Described as the best one-day hike in New Zealand and possibly the world, it was always on my bucket list.
Crossing the multi-cratered active volcano Mount Tongariro, the track has unique landmarks and superb views over two other active volcanoes Mount Ngauruhoe and Mount Ruapehu.
The Tongariro National Park boasts dual World Heritage status. The volcanoes are noted for the frequency of eruptions, their highly explosive nature and the high density of volcanic vents, which makes the hike even more enticing for the adventure seekers.
Distance: 19.4 km (12.1 miles)
Highest Point: 1,886m (6,188 ft) – Red Crater
Lowest Point: 760m (2,490 ft) – Ketetahi Carpark
Difficulty: Moderate to Difficult
Length of Time: 6 to 8 hours
Location: Tongariro National Park, North Island of New Zealand
The Tongariro Alpine Crossing is most commonly walked from Mangatepopo (1,120 m or 3,670 ft) in the Ruapehu region to Ketetahi Hot Springs (760 m or 2,490 ft). This route requires less climbing.
Being point to point hike, a little effort is needed to arrange transportation to either the start or finish of the hike. Visitors are strongly recommended to not park their vehicles at either end of the Tongariro Alpine Crossing but park and ride with licensed operator from the townships nearby such as National Park Village & Whakapapa Village.
There are toilets at both car parks. There are also toilet facilities an hour into the hike right before the strenuous climb starts, as well as toilet facilities just before the long walk back down to the Ketetahi car park.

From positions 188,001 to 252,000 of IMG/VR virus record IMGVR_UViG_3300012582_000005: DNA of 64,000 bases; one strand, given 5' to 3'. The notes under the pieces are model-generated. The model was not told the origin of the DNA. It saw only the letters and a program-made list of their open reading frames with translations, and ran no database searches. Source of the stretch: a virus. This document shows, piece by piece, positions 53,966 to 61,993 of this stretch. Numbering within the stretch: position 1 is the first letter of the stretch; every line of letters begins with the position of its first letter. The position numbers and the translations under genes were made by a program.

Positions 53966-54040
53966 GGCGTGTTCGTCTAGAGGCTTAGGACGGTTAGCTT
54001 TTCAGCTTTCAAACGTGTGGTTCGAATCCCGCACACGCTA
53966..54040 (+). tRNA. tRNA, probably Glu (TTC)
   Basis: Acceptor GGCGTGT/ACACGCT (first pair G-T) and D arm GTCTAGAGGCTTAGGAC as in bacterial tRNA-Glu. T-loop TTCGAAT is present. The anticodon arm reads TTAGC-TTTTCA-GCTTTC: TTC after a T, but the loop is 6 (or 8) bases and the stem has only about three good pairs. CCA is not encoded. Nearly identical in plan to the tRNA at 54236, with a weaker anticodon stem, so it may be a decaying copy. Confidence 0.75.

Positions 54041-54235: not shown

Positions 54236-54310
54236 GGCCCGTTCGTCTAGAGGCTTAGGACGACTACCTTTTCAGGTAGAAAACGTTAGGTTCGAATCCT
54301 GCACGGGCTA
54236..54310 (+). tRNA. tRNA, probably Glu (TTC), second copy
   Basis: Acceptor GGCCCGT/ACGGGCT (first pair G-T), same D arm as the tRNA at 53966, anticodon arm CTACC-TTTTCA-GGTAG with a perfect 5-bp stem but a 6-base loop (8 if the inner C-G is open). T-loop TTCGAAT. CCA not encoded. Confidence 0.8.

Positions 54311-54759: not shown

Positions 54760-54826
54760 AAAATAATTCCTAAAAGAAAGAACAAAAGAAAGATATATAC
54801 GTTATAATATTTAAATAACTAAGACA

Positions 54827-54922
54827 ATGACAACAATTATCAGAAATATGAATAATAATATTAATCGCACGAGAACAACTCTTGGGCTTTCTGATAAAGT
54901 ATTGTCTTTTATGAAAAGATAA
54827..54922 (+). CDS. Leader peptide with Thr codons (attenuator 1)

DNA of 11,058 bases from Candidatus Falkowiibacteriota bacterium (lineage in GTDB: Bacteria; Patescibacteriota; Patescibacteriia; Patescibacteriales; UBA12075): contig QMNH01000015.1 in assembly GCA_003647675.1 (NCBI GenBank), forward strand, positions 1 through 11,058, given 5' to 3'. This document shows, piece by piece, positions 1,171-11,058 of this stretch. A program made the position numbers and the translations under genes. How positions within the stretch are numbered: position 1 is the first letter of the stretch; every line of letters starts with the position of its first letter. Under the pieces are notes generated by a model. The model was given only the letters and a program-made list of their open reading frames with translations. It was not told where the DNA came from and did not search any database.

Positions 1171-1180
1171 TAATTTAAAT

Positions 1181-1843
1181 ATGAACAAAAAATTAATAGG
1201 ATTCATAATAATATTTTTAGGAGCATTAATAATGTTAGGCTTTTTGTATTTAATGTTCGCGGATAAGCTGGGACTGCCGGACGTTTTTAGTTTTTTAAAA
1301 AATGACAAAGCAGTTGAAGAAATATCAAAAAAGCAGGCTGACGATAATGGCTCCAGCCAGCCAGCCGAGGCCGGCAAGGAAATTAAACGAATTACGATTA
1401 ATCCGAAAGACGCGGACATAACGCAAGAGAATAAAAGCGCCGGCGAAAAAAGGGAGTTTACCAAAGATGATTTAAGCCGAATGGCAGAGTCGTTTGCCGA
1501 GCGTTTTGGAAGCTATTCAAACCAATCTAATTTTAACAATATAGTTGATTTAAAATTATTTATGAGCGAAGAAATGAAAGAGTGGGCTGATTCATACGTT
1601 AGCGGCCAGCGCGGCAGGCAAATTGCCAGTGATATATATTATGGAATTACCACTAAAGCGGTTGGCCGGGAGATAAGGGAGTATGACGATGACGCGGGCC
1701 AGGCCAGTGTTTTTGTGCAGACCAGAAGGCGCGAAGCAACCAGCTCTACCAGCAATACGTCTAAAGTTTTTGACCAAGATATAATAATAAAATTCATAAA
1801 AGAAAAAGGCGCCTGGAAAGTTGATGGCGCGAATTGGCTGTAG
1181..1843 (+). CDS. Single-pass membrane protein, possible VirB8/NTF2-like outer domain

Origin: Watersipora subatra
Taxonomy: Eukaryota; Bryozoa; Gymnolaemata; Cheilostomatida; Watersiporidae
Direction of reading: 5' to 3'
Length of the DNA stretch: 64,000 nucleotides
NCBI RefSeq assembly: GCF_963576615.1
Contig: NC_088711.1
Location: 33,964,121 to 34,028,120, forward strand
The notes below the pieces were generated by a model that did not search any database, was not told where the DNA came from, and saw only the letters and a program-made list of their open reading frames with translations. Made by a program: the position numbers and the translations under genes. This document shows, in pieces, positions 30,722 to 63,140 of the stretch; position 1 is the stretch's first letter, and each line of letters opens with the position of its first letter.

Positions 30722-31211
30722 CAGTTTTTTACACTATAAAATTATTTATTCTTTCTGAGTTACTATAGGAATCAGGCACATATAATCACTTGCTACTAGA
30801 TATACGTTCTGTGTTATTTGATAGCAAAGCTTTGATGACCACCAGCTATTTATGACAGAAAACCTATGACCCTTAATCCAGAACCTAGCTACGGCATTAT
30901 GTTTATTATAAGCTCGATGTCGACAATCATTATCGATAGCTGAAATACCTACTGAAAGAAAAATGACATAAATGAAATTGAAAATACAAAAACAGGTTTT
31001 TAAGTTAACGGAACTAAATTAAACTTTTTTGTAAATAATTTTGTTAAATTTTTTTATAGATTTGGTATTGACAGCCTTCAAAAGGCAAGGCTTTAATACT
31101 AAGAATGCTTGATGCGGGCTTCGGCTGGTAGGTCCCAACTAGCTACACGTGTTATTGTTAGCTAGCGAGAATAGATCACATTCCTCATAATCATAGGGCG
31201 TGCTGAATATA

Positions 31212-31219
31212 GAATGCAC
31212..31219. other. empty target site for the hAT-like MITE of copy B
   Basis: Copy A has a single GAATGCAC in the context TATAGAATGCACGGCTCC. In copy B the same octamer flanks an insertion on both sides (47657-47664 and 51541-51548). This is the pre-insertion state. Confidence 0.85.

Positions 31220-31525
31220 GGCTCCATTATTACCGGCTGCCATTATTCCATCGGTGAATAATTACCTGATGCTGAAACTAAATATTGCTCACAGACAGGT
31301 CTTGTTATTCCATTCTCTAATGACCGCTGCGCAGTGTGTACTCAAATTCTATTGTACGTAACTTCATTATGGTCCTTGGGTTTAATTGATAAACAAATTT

The hike is free, you can contribute with donations, which you probably want to after you realise the maintenance and care that goes to look after the track. The only necessary cost will be for the shuttle. There are more operators, with various options, prices being similar. You just need to select the 6 am, 7 am or 8 am drop off, or for the matinal ones, the 4am option to avoid the crowds.
We took the 7am one and indeed, the crowd was impressive. There are several operators who drop approximately 300 people at each drop off time and we spend the first hour slaloming through groups of slow and chatty walkers.
The hike climbs up through volcanic terrain, with old lava fields, walks through giant calderas, and even past a smoking, steaming volcano that erupted just six years ago. The volcanic activity of the park is constantly being monitored, with warning signs at various points along the trail alerting hikers what to do if an eruption should occur.
The Lord of the Rings trilogy lovers are coming to identify Mount Doom, aka Mount Ngauruhoe. The climb becomes strenuous in order to get to Mount Doom to destroy the infamous ring. The whole landscape reveals Mordor in all its splendour.
Another forty minutes of hiking up a steady, gradual incline through alpine plant life, the scenery began to change. The ground became darker, the soil was almost black, and there were volcanic boulders strewn across the landscape.